Just a little more than a week away from kicking off the new football season in Charlotte against North Carolina, South Carolina head coach Steve Spurrier has named his starting quarterback for the season opener. Connor Mitch will get the call as the Gamecocks’ starting quarterback.
“Connor will have every opportunity to take the reins and run with it,” Spurrier said Tuesday. “The competition was extremely close but we had to make a decision. We will give him all the support we can. As long as he takes care of the ball, keeps his head calm, he very easily could be the quarterback the entire year.
Mitch beat out Perry Orth and redshirt freshman Michael Scarnecchia for the job. Freshman Lorenzo Nunez was also competing for the starting job.
I felt like he was slightly ahead of the other guys. The other guys were pretty close. What the competition has done is get two other guys ready to play. If (Connor) sprains his ankle or can’t play we will be in good hands with Perry (Orth) or Michael (Scarnecchia), and also Lorenzo (Nunez), he is capable of playing a bit.”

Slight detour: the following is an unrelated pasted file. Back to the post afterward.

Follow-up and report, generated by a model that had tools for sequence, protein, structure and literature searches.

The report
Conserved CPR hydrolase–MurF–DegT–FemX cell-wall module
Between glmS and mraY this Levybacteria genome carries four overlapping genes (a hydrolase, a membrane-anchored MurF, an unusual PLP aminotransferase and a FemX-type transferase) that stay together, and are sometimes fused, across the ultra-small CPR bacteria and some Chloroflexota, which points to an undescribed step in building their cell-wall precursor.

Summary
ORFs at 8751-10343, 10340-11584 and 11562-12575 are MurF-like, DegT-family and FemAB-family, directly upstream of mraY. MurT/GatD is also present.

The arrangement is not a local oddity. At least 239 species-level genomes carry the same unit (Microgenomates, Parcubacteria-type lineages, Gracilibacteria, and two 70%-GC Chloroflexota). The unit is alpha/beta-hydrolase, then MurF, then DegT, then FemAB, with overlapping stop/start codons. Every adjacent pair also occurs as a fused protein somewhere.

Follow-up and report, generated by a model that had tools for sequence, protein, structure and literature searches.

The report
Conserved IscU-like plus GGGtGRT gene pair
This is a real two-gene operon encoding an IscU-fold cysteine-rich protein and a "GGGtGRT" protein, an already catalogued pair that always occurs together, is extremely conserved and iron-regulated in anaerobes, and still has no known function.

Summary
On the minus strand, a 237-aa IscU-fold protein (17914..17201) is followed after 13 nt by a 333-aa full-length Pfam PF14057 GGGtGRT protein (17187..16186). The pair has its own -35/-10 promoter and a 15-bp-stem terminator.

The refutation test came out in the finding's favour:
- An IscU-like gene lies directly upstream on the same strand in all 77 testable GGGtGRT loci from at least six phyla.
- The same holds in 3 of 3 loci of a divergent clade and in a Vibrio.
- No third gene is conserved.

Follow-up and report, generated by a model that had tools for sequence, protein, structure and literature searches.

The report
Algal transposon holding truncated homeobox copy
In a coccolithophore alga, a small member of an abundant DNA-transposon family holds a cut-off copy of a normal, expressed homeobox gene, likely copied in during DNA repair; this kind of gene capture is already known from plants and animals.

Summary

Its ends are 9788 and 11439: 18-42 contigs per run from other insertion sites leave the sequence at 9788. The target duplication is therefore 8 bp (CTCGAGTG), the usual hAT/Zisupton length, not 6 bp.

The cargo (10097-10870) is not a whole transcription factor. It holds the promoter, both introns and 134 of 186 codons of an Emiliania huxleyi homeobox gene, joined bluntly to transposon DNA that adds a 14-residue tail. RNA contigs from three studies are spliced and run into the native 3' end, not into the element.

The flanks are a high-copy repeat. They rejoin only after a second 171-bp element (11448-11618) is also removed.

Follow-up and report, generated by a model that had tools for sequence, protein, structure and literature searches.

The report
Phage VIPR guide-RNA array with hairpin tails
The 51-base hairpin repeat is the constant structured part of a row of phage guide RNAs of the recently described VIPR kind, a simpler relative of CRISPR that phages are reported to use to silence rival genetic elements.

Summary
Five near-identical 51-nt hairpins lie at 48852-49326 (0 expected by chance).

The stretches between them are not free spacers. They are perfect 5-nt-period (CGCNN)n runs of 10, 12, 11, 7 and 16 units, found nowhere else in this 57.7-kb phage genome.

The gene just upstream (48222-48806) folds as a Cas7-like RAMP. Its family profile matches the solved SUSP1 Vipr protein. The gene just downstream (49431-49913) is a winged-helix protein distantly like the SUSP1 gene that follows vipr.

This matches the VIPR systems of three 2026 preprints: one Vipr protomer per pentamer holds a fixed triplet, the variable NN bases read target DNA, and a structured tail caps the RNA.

You may have thought we were done taking a look at preseason all-conference teams. Think again, because the SEC has served up three preseason all-conference teams for you. Alabama and LSU each land 10 players on the preseason selections as determined by the coaches of the SEC. As you might expect with three preseason all-conference teams, all 14 members of the SEC manage to be represented, because that would have really stunk for Vanderbilt if they couldn’t make the cut. It is the college football preseason equivalent to participation trophies.